• The History Corner: The Lip Key

    The lip key (pictured to the right) was a device used in a variety of early studies in psychology, particularly reaction-time experiments.  It consists of metal plates separated by a spring. Connected to a timing device such as a chronoscope, and a power source (typically a wet battery) the lip key was placed in the mouth and held between the lips to create an electrical circuit. When the subject opened his or her mouth the circuit would break stopping the timing device. Keys of all kinds were common in psychological laboratories in the early 20th century.

  • Science Advisor to the Next President

    The position of Presidential Science Advisor was created by President Dwight D. Eisenhower in November 1957, a month after the Soviet Union stunned the United States and the world by launching Sputnik I, the world’s first artificial satellite. Except for a hiatus between January 1973 and August 1976, every president has nominated a science advisor, all of whom the US Senate has routinely confirmed. Yet today, relatively few US citizens even know that such a position exists, let alone the name or qualifications of the person in the job. Unfortunately, the presidential advisory system has reached its nadir during the current administration.

  • Assessing Trauma and its Effects Without Distress: A Guide to Working with IRBs

    Early in my career, an Institutional Review Board (IRB) I was working with insisted that a proposed study which included questions about sexual abuse was ethically inappropriate to conduct. The IRB members reasoned that since they would not want their family members to answer such personal questions, this study was unethical and should not be conducted. Even information about refusal rates, referral rates, and safety protocols employed in similar studies could not overcome the IRB’s reliance on imagined personal substitution with research participants as its chief source of ethical decision-making. Unfortunately, the IRB decided a priori that studies of sexual violence were improper.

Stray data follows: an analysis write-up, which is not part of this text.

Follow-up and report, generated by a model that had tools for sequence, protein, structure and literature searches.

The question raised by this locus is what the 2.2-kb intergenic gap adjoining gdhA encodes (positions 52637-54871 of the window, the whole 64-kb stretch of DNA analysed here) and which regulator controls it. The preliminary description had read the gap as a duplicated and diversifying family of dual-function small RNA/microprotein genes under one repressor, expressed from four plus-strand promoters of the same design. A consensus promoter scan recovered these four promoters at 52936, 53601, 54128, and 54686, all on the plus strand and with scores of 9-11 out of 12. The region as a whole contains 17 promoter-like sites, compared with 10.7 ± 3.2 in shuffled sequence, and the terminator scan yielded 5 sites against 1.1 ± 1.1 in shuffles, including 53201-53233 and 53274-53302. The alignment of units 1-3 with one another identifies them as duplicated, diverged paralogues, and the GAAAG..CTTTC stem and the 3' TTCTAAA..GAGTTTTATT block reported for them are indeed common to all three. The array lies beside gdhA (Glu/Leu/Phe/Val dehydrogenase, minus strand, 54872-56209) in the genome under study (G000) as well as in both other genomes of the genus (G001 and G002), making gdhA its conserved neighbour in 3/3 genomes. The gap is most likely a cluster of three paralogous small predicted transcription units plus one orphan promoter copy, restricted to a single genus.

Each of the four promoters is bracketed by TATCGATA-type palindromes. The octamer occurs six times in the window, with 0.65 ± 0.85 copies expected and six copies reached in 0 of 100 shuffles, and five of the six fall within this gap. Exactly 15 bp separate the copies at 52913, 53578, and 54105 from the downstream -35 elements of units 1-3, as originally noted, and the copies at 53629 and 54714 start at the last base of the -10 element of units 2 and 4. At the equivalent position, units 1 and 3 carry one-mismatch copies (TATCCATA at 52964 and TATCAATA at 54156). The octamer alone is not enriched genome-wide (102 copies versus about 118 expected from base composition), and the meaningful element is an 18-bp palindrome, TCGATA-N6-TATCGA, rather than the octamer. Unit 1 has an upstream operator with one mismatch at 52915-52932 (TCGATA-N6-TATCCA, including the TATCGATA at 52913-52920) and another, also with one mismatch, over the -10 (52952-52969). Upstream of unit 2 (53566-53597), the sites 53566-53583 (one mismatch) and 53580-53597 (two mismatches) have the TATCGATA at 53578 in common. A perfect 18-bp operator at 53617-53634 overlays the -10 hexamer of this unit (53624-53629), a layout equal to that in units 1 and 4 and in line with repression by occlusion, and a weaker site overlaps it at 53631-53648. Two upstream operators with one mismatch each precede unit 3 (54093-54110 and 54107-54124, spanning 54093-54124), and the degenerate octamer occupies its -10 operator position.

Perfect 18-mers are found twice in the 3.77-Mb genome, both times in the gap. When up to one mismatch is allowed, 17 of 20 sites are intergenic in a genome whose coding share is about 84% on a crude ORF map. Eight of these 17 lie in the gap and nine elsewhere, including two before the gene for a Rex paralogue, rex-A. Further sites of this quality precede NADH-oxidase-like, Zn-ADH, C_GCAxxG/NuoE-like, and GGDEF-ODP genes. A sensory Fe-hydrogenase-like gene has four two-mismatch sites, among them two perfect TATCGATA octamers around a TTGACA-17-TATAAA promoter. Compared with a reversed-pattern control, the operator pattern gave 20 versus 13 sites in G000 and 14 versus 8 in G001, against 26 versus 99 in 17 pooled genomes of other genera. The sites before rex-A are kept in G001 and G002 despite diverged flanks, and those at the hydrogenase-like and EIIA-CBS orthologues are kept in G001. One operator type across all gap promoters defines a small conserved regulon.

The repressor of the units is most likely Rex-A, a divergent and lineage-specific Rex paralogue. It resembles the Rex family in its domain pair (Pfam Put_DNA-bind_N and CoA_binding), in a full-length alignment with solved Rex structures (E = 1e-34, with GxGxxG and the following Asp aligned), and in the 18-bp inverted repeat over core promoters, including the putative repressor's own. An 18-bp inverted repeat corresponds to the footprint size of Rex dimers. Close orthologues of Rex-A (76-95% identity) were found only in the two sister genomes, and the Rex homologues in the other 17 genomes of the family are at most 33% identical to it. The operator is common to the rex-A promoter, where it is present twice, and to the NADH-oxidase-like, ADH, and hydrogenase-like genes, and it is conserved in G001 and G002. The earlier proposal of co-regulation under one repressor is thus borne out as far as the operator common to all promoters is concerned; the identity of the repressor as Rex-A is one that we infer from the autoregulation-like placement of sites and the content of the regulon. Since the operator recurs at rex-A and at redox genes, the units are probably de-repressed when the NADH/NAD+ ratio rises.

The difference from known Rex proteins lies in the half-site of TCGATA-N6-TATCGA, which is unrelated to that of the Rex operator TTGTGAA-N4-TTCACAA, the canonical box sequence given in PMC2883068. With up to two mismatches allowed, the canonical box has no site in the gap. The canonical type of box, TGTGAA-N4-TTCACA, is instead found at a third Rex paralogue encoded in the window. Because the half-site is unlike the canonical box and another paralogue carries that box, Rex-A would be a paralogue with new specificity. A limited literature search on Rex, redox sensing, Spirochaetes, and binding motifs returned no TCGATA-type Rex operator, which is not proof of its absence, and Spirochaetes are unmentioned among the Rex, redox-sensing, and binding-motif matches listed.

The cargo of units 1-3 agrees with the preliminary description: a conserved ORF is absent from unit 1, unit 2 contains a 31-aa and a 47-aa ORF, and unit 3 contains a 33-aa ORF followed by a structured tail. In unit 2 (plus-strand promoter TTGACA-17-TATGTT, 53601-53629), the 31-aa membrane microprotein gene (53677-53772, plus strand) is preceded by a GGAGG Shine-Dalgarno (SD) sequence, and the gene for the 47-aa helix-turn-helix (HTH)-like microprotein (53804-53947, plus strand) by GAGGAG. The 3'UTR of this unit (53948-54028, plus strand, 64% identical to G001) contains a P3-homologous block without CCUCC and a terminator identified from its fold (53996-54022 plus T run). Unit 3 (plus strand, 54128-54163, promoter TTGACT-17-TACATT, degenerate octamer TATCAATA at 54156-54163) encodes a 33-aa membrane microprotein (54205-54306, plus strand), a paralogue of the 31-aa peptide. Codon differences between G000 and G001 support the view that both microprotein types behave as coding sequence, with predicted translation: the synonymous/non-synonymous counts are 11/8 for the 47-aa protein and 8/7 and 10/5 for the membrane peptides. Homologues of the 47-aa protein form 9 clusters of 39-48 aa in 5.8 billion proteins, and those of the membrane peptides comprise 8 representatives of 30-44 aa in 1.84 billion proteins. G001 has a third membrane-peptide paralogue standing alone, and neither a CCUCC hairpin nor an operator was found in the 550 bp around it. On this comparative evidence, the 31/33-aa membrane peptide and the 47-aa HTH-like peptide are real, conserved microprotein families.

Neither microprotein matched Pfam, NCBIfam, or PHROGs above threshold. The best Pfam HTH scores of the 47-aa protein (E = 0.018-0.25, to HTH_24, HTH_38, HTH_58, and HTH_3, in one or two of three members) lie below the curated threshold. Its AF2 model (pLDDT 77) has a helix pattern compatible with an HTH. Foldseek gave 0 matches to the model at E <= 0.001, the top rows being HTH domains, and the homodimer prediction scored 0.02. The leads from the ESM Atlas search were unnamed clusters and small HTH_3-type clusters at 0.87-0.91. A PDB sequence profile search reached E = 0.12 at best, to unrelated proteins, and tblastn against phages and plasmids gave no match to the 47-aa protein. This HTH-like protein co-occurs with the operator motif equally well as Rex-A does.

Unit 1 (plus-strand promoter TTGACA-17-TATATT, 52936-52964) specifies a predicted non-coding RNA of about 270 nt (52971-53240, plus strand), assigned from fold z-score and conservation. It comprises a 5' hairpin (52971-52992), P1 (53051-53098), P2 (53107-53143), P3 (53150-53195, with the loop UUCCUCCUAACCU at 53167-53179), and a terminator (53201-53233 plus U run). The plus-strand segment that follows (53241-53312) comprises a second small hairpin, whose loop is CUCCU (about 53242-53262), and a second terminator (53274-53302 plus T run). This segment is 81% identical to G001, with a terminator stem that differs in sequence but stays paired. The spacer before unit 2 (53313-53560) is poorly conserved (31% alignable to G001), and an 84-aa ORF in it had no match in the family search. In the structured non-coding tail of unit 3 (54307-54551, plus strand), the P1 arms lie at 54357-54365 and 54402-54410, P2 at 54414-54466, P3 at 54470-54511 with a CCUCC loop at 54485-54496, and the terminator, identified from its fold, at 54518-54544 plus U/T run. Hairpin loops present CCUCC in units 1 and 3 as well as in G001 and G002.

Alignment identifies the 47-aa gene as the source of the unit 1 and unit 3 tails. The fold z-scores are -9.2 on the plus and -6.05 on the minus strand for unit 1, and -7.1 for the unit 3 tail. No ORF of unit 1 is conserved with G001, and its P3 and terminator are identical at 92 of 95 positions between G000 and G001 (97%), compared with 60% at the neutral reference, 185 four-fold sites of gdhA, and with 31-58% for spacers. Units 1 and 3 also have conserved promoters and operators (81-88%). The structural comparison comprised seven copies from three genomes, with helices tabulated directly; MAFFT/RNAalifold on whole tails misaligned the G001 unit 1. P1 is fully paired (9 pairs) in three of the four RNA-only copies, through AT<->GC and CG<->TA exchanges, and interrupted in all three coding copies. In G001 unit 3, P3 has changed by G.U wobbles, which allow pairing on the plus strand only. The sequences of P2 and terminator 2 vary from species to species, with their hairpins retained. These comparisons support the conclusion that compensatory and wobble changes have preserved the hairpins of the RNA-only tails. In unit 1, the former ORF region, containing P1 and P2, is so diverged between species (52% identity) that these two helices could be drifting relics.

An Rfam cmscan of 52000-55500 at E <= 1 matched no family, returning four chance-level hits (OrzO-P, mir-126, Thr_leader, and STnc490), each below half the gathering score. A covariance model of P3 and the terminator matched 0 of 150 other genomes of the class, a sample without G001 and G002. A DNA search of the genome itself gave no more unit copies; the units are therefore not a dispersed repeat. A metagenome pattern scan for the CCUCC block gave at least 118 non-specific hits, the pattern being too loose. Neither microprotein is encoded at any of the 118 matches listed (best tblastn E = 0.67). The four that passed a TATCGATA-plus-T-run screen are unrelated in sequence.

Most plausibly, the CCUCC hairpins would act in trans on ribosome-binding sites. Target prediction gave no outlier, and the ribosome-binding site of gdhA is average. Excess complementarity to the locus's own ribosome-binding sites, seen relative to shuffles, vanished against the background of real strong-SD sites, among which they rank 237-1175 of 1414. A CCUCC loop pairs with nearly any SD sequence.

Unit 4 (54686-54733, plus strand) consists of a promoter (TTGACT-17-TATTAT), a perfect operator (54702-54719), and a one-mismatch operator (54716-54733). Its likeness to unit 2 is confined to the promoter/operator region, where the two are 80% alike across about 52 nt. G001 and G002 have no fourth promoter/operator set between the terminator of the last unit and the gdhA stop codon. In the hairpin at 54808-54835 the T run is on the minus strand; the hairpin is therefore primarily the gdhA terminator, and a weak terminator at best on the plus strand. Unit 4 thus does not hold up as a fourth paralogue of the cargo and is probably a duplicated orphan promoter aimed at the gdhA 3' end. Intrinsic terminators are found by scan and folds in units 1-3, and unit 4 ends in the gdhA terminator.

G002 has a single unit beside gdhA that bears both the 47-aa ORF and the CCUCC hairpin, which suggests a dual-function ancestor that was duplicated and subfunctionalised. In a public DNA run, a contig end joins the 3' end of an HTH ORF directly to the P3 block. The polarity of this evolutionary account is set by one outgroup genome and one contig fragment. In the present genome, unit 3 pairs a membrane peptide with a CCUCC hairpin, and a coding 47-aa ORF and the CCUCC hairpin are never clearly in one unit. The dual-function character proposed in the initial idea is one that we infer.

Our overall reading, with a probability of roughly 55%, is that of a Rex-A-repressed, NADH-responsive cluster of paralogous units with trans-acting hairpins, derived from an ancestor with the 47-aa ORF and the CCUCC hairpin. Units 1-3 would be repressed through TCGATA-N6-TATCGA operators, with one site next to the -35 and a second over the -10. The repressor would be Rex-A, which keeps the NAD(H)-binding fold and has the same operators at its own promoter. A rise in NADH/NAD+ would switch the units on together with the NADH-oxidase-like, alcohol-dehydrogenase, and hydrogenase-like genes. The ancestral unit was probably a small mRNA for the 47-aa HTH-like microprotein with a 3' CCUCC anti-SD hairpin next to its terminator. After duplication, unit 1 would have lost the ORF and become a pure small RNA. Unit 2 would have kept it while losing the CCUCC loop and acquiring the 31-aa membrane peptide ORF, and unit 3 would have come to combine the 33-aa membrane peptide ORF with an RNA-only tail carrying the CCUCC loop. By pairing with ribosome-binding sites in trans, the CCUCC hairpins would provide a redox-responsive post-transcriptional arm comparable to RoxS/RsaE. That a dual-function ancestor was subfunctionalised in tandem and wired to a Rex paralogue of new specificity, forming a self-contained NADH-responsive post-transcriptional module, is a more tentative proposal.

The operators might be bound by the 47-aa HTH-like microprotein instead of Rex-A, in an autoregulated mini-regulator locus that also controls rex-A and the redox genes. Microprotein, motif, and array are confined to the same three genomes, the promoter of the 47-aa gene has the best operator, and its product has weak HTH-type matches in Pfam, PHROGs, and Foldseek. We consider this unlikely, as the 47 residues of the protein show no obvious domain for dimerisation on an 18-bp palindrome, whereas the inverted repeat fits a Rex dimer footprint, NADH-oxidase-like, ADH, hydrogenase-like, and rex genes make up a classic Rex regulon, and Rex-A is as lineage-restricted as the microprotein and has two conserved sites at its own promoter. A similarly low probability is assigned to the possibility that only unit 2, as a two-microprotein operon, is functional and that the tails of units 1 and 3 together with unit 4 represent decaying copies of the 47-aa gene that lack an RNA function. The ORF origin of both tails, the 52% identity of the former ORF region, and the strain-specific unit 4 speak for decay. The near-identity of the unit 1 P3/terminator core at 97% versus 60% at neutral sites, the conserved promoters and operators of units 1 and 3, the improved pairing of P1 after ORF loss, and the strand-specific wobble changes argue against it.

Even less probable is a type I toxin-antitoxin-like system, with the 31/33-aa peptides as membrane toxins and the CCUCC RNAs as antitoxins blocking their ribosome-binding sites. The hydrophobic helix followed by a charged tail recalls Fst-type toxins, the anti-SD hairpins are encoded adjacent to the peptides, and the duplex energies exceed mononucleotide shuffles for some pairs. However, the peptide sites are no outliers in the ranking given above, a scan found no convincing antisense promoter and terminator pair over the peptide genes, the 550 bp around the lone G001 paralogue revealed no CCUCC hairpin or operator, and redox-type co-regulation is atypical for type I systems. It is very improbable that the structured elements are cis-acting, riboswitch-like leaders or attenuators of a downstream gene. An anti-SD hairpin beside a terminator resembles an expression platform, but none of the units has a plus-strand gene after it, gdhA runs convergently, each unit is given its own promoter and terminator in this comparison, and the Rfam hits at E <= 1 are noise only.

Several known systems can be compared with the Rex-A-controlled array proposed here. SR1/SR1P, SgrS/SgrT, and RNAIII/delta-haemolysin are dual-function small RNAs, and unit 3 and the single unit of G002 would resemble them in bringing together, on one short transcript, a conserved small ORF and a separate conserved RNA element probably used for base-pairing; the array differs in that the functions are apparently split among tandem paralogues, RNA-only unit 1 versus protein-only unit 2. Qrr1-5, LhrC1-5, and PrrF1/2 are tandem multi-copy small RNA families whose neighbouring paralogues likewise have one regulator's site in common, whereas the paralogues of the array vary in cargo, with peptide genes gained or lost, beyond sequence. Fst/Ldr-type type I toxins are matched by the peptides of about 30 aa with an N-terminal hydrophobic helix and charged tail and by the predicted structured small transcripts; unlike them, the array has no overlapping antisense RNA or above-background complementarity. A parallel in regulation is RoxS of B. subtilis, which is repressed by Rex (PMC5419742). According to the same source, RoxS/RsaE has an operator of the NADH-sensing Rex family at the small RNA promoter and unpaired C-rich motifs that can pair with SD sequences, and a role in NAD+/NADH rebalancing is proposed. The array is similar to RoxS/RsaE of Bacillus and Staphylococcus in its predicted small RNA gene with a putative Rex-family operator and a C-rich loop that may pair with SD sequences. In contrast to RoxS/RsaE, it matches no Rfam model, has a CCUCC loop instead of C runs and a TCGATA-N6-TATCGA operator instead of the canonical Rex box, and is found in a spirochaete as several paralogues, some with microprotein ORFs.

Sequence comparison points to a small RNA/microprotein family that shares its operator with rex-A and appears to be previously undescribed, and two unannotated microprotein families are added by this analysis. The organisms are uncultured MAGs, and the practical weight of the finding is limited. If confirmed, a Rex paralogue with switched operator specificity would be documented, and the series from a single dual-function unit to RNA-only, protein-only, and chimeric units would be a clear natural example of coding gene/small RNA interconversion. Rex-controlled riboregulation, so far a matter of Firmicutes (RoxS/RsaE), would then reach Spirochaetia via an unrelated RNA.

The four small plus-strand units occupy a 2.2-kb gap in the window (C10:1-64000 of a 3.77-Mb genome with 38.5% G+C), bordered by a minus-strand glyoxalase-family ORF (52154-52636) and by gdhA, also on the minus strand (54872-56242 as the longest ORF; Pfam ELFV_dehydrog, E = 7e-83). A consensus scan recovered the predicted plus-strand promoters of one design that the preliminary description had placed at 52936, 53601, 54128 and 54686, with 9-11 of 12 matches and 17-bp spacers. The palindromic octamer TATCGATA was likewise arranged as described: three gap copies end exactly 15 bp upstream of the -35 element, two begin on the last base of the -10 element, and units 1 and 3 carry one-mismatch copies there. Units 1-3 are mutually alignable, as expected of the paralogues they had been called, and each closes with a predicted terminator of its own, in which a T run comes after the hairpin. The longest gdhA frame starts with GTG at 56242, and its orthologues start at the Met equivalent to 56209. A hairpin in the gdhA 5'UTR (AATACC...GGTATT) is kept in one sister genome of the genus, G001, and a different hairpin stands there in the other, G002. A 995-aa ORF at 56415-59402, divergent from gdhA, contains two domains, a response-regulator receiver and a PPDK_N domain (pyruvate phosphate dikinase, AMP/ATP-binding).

• Update on NIH Peer Review Changes

    As previously reported (see the December 2007 and January 2008 Observers), the National Institutes of Health (NIH) is contemplating significant changes in its peer review system. Peer review has been put under the microscope and dissected, and NIH is now in the process of putting it back together again. Internal and external working groups studying the issue have issued their findings and recommendations, and NIH leadership is currently deciding which of the recommendations they will implement.

  • The Upside of Anger

    Here’s a maxim from the “duh” department: People typically prefer to feel emotions that are pleasant, like excitement, and avoid those that are unpleasant, like anger. But a new study in the April issue of Psychological Science says this may not always be the case. Psychologists Maya Tamir and Christopher Mitchell, of Boston College, and APS Fellow and Charter Member James Gross, of Stanford University, tested whether people prefer to experience emotions that are potentially useful, even when they are unpleasant to experience.

  • On the Newsstand

    Cultural Insights: Brain Scans Support Surprising Differences in Perception Between Westerners And Asians The Boston Globe March 3, 2008 “New brain research is adding high-tech evidence to what lower-tech psychology experiments have found for years: Culture can affect not just language and custom, but how people experience the world at stunningly basic levels – what they see when they look at a city street for example, or even how they perceive a simple line in a square.” Coverage of “Cultural Influences in Neural Substrates of Attentional Control” in Psychological Science (Trey Hedden, Sarah Ketay, Arthur Aron, Hazel Rose Markus, and John D.E. Gabrieli, Volume 19(1), 12-17).